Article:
FREE e-Newsletter
Important News - Hot Topics
Get them Now!

Autonomous Robots Prevent Crime

Ask The Expert

Stacy Dean Stephens

VP Marketing & Sales

The Law Officer's Pocket Manual - Bloomberg BNA
This handy 4" x 6" spiral-bound manual offers examples showing how rules are...

Departments : Point of Law

Vehicle Checkpoints

Homeland security efforts make the legalities of stopping people lawfully an even greater concern for police officers.

March 01, 2004  |  by Devallis Rutledge - Also by this author

Said the court, "We decline to suspend the usual requirement of individualized suspicion where the police seek to employ a checkpoint primarily for the ordinary enterprise of investigating crimes." (Indianapolis v. Edmond.)

Witness Contact

In Illinois v. Lidster, the Supreme Court recently approved the use of a checkpoint to try to locate witnesses to a crime. One week after a hit-and-run motorist killed a bicyclist, police set up an informational checkpoint at the site of the collision, at the same time of night, to try to locate possible witnesses who might customarily use that road at that time of night, on that same day of the week. Each driver was stopped for 10 to 15 seconds, was asked about having seen anything, and was given a flier containing details and a request for helpful information.

When Robert Lidster came through the checkpoint, officers noticed his symptoms of intoxication and arrested him for driving under the influence. He challenged the lawfulness of his detention.

What was significant in this case, according to the court, was that "The stop's primary purpose was not to determine whether a vehicle's occupants were committing a crime, but to ask vehicle occupants, as members of the public, for their help in providing information about a crime in all likelihood committed by others."

Drivers License

Although the Supreme Court has never directly ruled on the constitutionality of using checkpoints to examine license and registration compliance, it has strongly suggested that such checkpoints would be permissible.

In Delaware v. Prouse, the court disapproved random car stops to check for license and registration, but added, "This holding does not preclude the State of Delaware or other States from developing methods for spot checks that involve less intrusion or that do not involve the unconstrained exercise of discretion. Questioning of all oncoming traffic at roadblock-type stops is one possible alternative."

And in the Edmond case, the court repeated that "In Delaware v. Prouse we suggested that a similar type of roadblock with the purpose of verifying drivers' licenses and vehicle registrations would be permissible."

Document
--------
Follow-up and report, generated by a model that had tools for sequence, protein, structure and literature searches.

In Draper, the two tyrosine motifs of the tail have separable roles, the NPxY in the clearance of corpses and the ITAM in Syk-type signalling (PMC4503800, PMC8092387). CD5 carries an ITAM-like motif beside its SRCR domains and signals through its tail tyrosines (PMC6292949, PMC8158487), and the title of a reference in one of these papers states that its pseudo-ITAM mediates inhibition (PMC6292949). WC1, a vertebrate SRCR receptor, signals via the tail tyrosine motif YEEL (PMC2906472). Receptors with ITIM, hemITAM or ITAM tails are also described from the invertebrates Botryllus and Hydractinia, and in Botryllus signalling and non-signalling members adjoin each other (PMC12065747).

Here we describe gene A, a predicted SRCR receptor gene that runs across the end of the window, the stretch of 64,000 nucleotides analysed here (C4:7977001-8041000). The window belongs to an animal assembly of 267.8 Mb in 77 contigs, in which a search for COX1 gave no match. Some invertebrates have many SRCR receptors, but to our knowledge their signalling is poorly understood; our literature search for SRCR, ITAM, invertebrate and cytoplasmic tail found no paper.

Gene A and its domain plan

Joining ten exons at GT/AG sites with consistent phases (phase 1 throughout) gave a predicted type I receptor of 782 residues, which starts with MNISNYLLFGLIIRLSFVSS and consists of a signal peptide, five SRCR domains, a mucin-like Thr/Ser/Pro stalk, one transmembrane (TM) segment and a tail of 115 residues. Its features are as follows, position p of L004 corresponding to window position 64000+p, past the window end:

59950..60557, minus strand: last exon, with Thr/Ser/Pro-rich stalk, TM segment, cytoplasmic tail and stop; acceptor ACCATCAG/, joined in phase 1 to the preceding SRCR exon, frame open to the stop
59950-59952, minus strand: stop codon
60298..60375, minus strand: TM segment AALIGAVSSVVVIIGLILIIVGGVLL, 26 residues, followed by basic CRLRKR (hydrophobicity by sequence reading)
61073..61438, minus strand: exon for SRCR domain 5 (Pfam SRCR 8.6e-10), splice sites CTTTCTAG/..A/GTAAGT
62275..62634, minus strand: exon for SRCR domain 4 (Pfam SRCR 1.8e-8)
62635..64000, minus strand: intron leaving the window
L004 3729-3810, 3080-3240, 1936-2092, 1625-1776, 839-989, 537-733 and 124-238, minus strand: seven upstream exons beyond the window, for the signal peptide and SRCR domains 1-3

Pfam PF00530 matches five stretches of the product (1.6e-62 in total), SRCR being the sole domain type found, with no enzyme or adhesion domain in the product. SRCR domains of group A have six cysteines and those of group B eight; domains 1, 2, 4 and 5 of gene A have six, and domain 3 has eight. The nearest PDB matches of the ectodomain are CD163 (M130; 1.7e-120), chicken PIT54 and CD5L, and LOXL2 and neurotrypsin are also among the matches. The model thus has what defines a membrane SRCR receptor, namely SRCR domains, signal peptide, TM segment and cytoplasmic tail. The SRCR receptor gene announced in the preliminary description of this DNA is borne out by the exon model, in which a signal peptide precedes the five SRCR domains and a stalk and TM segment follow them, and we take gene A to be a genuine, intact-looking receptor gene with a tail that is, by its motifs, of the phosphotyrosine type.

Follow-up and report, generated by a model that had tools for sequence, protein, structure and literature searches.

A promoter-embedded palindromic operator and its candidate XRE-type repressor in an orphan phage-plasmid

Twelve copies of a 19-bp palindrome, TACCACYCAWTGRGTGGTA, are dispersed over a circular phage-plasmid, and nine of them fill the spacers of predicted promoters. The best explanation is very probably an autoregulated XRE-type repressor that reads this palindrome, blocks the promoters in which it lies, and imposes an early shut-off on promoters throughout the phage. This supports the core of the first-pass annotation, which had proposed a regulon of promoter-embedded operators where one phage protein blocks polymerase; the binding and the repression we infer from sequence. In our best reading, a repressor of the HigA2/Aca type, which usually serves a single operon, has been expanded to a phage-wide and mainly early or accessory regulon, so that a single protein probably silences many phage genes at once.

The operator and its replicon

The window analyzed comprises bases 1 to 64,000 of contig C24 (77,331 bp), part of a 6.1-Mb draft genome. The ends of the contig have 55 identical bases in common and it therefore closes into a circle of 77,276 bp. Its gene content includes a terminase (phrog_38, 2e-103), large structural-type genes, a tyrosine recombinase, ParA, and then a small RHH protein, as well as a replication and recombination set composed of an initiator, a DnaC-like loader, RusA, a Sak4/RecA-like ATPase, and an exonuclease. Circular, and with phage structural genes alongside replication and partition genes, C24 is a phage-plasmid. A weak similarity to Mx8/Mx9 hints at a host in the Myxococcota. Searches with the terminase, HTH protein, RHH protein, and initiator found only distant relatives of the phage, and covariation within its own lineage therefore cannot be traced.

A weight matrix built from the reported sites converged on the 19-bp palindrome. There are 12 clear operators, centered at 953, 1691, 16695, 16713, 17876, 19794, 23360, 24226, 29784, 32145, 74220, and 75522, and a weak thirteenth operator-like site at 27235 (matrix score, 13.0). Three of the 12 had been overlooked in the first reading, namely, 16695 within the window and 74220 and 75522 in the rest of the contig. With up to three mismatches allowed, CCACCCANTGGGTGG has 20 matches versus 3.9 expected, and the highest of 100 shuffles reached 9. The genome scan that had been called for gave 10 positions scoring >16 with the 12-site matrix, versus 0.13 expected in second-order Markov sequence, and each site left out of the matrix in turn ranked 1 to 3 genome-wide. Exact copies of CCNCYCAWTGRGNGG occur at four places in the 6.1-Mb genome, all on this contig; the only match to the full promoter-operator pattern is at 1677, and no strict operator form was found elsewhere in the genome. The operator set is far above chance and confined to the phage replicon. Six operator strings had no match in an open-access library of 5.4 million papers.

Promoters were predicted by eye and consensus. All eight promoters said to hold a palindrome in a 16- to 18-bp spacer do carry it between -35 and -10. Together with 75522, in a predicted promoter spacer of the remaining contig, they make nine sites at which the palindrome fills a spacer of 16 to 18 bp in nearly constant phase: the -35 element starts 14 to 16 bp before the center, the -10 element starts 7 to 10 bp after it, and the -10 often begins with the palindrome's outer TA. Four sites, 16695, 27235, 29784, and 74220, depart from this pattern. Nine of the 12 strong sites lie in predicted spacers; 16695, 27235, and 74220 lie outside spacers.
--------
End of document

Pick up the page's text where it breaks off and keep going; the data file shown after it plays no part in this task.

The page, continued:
A proper checkpoint would likely require site selection by supervisors, attendance by uniformed personnel, a non-discretionary formula for stopping vehicles (every vehicle, or every third, etc.), and very brief delays.


Even before the recent terrorist activity and the D.C. Sniper case arose, the Supreme Court had been careful to point out that extraordinary situations would alter the constitutional balance. For example, when the court invalidated the Indianapolis narcotics checkpoint in the Edmond case one year before the World Trade Center attacks, there was language in the court's opinion making allowance for special security needs:"Our holding does not affect the validity of border searches or searches at places like airports and government buildings, where the need for such measures to ensure public safety can be particularly acute. The Fourth Amendment would almost certainly permit an appropriately tailored roadblock set up to thwart an imminent terrorist attack or to catch a dangerous criminal who is likely to flee by way of a particular route."

Based on this language and the recent ruling in Lidster, it appears that law enforcement now has the tools to use checkpoints as reasonably necessary for homeland security purposes. The leeway granted by the court's language in Edmond would undoubtedly allow roadblocks near potential terrorist targets, such as airports, dams, power plants, malls, and amusement parks, where intelligence might indicate a heightened risk, and would certainly allow strategic roadblocks after any terrorist incident or other dangerous crimes, to net the perpetrators. Additionally, the Lidster ruling permits checkpoints to locate witnesses or to pass out informational fliers to motorists following a serious incident. Naturally, advance checkpoint planning is imperative.

Attorney Devallis Rutledge, a former police officer and prosecutor, defends
officers and agencies at Manning & Marder, Kass, Ellrod, Ramirez.

«   Page 2 of 2   »

Be the first to comment on this story

POLICE Magazine does not tolerate comments that include profanity, personal attacks or antisocial behavior (such as "spamming" or "trolling"). This and other inappropriate content or material will be removed. We reserve the right to block any user who violates this, including removing all content posted by that user.
Police Magazine